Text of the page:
From the Far Side –“2001 -A Space Odyssey and Ancient Alien Visitation”

 
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The idea proved to be a fruitful hybrid of the mythological and science fiction themes that intrigued Kubrick and Clarke. It essentially involved replacing the roles of divine characters in the film’s namesake—Homer’s The Odyssey—and filling the vacuum with unknowable alien entities. Whether you believe in gods or aliens or neither, the profound feelings that these Odyssean tales evoke seems to spring from a common human premonition that we are not alone in the universe, and that our destinies have been shaped by inscrutable supernatural forces.


Exactly 50 years ago, 2001: A Space Odyssey hit theatres, reports today's Motherboard, blowing the minds of moviegoers around the world. The product of a creative partnership between director Stanley Kubrick and science fiction luminary Arthur C Clarke, the film is widely recognized as one of the most influential works in cinematic history (just think how often The Simpsons has spoofed it; truly one of the best metrics of pop culture staying power).

 

2001 is also among the first hugely successful works based on the so-called ancient aliens hypothesis, one of the weirdest ideas to burst into the mainstream in the 1960s—which is saying something for a decade that collided the Space Age with the Psychedelic era. If you’re aware of the History Channel series Ancient Aliens or are a fan of the Stargate franchise, you probably know the gist: The hypothesis claims there is abundant archaeological and historical evidence to suggest that an intelligent alien civilization made contact with preindustrial humans and aided these societies in their technological and cultural achievements. Whoa dude.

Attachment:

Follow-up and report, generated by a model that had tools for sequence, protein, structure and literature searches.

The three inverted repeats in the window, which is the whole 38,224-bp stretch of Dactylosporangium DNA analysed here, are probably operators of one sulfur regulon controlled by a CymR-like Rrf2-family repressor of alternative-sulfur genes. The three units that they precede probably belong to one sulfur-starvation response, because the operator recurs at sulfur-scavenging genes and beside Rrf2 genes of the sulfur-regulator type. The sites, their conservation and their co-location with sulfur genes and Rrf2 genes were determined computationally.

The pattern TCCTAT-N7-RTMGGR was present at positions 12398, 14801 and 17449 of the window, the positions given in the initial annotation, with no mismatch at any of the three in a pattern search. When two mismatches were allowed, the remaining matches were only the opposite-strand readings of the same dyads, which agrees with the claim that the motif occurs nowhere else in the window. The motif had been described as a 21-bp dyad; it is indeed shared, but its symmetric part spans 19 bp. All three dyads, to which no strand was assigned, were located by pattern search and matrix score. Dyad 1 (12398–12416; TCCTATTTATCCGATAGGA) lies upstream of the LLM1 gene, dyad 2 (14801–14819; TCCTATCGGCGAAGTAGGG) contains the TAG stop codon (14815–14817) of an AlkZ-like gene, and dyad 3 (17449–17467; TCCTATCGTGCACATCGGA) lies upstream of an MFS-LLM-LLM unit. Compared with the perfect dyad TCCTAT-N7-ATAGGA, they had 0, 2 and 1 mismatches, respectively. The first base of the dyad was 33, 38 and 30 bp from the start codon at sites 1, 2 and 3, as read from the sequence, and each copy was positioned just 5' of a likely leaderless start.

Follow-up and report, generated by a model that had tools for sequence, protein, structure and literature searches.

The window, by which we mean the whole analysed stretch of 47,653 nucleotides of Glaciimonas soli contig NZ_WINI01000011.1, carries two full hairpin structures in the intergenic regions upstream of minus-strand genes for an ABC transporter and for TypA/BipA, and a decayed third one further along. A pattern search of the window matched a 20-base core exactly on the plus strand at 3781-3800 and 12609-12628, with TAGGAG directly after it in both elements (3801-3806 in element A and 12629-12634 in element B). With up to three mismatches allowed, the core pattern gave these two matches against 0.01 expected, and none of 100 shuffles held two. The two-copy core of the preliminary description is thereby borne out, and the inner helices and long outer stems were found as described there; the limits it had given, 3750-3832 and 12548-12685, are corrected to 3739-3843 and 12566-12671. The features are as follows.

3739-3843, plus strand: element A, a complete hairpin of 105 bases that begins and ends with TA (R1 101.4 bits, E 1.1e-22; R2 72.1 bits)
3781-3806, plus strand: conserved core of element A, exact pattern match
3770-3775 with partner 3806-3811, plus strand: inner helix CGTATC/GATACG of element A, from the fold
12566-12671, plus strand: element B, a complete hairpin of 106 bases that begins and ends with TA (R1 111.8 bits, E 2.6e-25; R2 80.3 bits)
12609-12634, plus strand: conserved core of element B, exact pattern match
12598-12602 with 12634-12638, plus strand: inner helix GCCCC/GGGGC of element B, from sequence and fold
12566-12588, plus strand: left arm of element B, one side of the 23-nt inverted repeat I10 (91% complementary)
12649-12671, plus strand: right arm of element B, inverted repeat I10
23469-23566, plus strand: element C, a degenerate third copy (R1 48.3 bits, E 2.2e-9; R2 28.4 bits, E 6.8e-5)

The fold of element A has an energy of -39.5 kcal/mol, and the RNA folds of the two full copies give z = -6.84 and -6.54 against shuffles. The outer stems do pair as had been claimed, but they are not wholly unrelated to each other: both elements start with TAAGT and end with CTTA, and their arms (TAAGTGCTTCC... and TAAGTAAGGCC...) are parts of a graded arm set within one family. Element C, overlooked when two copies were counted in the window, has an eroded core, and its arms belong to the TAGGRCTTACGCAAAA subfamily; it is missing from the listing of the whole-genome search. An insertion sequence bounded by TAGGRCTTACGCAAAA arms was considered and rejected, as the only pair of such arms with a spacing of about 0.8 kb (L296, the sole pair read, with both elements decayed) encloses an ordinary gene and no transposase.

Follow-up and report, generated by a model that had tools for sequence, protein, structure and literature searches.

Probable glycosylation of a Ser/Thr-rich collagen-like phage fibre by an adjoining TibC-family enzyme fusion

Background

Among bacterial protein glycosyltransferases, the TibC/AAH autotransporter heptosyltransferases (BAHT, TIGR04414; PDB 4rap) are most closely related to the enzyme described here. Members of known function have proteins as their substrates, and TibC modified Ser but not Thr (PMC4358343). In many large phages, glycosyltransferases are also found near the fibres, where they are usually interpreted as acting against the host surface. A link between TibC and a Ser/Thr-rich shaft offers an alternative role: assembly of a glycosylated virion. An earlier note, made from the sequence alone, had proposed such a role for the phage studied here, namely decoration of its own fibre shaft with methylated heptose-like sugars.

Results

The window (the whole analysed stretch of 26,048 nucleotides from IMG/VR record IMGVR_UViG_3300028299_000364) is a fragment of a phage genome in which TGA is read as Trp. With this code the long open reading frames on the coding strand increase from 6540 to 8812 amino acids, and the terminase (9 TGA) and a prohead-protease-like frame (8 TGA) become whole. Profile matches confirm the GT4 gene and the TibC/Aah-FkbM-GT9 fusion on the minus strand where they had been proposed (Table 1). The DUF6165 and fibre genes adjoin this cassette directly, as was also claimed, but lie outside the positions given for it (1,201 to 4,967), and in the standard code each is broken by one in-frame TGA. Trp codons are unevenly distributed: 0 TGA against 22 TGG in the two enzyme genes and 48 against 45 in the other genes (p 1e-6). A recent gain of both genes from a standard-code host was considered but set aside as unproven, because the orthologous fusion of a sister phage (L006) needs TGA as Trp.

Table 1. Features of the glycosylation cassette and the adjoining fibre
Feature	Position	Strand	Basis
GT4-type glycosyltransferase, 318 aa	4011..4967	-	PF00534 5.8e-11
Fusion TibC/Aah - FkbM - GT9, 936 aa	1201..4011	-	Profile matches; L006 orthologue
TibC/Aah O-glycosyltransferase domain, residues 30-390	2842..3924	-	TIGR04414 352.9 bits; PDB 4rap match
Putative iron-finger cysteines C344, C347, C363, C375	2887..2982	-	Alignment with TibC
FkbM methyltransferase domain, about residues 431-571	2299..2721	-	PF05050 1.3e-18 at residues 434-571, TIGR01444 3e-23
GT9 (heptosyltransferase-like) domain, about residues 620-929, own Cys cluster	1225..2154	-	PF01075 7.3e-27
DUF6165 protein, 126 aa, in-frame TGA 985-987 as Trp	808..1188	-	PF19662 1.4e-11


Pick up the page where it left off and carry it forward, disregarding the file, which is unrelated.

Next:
It’s a viewpoint underpinned by the wild historical revisionism and newfound cosmic curiosity that defined so much mid-20th century science fiction. In 2001, it manifests as a giant black monolith that seems to inspire humans to push past tantalizing frontiers in space, intelligence, and reality (with mixed results for the humans).

“Myths usually contain some kind of fact or reality to them,” space philosopher Frank White, author of The Overview Effect, told me over the phone. “What you see are entities that are more powerful and long-lived than humans, that appear to have the ability to come and go from the Earth at will. The importance of 2001,” he said, is that “it raises these questions without necessarily giving a very linear or simple answer.”

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